If you consider yourself to be a Christian, I want to think with you this morning. I want to think with you about one of the most horrible experiences that can occur in a believer's life. I am talking about a spiritually devout person.

This believer in God is absolutely certain that he or she is right. He or she "knows that I am right!" He or she is so certain about being right that he or she vigorously opposes other believers who are "wrong." He or she is totally convinced, totally certain, and totally confident. He or she has no doubts about his or her convictions. "I know what is right! I know what is best! I know what must happen!"

Then, in an unavoidable moment and undeniable way, this person discovers unquestionably that he or she is wrong. Devastation! Crisis! This person always took pride in declaring, "I am a person of integrity." This believer who is a person of integrity has discovered that his or her whole spiritual focus is wrong. Now what will the person do? If this happened to you, how would you handle it? What would you do? I hope that the first thing you would do is pray, long and earnestly, with an open heart.

  1. That very situation happened to a man whose name was Saul (Acts 8:1-3; 9:1-30).
    1. Saul was totally convinced that he knew God; understood God; understood God's plan, God's purposes, God's objectives; and knew the truth.
      1. He was so certain that he arrested and voted for the execution of Jewish Christians.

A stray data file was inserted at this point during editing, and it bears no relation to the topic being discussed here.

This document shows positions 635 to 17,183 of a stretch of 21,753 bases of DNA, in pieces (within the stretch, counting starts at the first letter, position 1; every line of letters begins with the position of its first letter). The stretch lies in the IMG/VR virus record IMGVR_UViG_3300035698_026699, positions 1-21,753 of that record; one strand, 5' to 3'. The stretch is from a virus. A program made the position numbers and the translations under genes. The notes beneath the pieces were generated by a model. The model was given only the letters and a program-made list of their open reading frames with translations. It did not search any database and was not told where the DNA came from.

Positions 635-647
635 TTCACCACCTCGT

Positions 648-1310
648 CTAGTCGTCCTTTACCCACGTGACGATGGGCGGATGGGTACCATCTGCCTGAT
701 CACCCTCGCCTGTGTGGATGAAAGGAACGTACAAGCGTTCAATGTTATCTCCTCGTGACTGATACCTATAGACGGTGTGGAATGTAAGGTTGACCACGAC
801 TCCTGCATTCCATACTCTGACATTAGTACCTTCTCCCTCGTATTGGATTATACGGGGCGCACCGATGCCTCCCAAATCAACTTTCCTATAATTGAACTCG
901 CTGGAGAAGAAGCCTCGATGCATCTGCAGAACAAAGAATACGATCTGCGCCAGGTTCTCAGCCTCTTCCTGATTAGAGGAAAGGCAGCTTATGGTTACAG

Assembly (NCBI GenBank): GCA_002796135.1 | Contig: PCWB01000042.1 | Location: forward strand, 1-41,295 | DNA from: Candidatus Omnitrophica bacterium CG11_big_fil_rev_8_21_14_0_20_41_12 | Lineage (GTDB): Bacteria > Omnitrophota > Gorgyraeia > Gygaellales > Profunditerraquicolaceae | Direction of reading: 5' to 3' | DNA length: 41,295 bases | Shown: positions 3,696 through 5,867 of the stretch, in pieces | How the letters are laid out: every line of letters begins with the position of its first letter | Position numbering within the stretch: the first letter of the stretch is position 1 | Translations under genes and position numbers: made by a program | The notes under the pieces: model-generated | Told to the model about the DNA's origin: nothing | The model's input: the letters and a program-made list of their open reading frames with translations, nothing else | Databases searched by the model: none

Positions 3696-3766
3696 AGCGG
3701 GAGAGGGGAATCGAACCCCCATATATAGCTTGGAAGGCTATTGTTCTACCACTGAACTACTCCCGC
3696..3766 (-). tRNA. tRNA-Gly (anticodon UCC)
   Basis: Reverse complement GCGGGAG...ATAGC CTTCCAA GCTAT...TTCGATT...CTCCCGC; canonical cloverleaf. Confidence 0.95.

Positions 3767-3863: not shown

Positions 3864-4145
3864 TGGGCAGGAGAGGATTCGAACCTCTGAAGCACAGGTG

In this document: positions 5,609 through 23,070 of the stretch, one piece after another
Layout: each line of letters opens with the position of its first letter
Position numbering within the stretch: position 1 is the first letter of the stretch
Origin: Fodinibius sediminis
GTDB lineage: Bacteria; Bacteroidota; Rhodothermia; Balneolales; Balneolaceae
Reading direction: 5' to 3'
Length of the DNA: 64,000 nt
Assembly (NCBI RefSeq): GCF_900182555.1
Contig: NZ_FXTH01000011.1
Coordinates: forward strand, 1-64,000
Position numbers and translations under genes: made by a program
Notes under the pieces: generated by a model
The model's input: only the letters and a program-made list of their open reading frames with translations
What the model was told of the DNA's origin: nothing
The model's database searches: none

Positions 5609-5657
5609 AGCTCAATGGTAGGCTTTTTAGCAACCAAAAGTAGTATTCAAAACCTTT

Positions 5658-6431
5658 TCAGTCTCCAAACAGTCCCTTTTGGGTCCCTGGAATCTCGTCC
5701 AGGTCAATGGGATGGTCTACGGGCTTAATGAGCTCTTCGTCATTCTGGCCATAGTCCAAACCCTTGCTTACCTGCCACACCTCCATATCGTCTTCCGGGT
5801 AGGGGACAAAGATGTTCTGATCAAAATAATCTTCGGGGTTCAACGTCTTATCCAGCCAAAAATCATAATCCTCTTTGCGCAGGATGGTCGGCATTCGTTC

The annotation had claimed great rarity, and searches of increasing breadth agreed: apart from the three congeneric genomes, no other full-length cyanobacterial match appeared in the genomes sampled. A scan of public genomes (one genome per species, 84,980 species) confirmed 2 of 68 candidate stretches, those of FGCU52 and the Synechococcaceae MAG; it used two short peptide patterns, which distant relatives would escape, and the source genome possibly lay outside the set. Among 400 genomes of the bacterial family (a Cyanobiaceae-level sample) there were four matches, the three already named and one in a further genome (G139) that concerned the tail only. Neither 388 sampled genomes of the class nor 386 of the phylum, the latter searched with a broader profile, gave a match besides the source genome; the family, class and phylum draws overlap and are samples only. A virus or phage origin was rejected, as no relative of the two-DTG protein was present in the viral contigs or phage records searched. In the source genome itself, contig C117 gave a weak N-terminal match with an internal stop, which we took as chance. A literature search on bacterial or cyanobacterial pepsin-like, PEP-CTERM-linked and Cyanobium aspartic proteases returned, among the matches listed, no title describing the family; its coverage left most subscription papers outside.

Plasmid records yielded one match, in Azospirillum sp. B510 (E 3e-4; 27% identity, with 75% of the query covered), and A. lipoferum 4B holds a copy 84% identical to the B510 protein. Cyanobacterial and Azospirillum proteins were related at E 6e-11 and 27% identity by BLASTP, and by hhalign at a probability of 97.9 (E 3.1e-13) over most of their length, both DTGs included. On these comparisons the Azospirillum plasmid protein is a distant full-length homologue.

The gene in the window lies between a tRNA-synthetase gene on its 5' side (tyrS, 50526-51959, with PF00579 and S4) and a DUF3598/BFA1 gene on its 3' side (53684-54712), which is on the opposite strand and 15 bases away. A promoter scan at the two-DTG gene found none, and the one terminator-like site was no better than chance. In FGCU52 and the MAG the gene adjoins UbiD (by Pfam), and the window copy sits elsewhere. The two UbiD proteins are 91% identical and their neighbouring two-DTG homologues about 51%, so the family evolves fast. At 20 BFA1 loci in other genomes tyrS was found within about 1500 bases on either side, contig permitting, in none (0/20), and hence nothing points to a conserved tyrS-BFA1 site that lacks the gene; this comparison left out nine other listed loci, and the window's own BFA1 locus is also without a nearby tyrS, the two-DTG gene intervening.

2. Why?
      3. Because he knew and was right, and they did not know and were wrong.
    2. As he made a trip to find and arrest Christians, he had a person-to-person encounter with the resurrected Jesus.
      1. When that meeting was over he was blind, helpless, and knew that he was wrong.
      2. He was devastated.
      3. Acts 9:9 says that he did not eat or drink for three days, and Acts 9:11 says that he was praying.
      4. Wonder what he prayed about? Wonder what requests he made?

  2. Again, I am specifically talking to those of us who are Christians.
    1. Silently, in your minds and hearts, I want you to answer some questions. I am not trying to trick you; I am trying to challenge your perspective.
      1. Do you believe in God?
      2. Do you believe that God is wise, and His wisdom is superior to our wisdom?
      3. Do you believe that God has the power to make things happen?
      4. Do you believe that God sent Jesus Christ for the specific purpose of making our salvation possible?
      5. Do you believe that God has eternal purposes and objectives right now?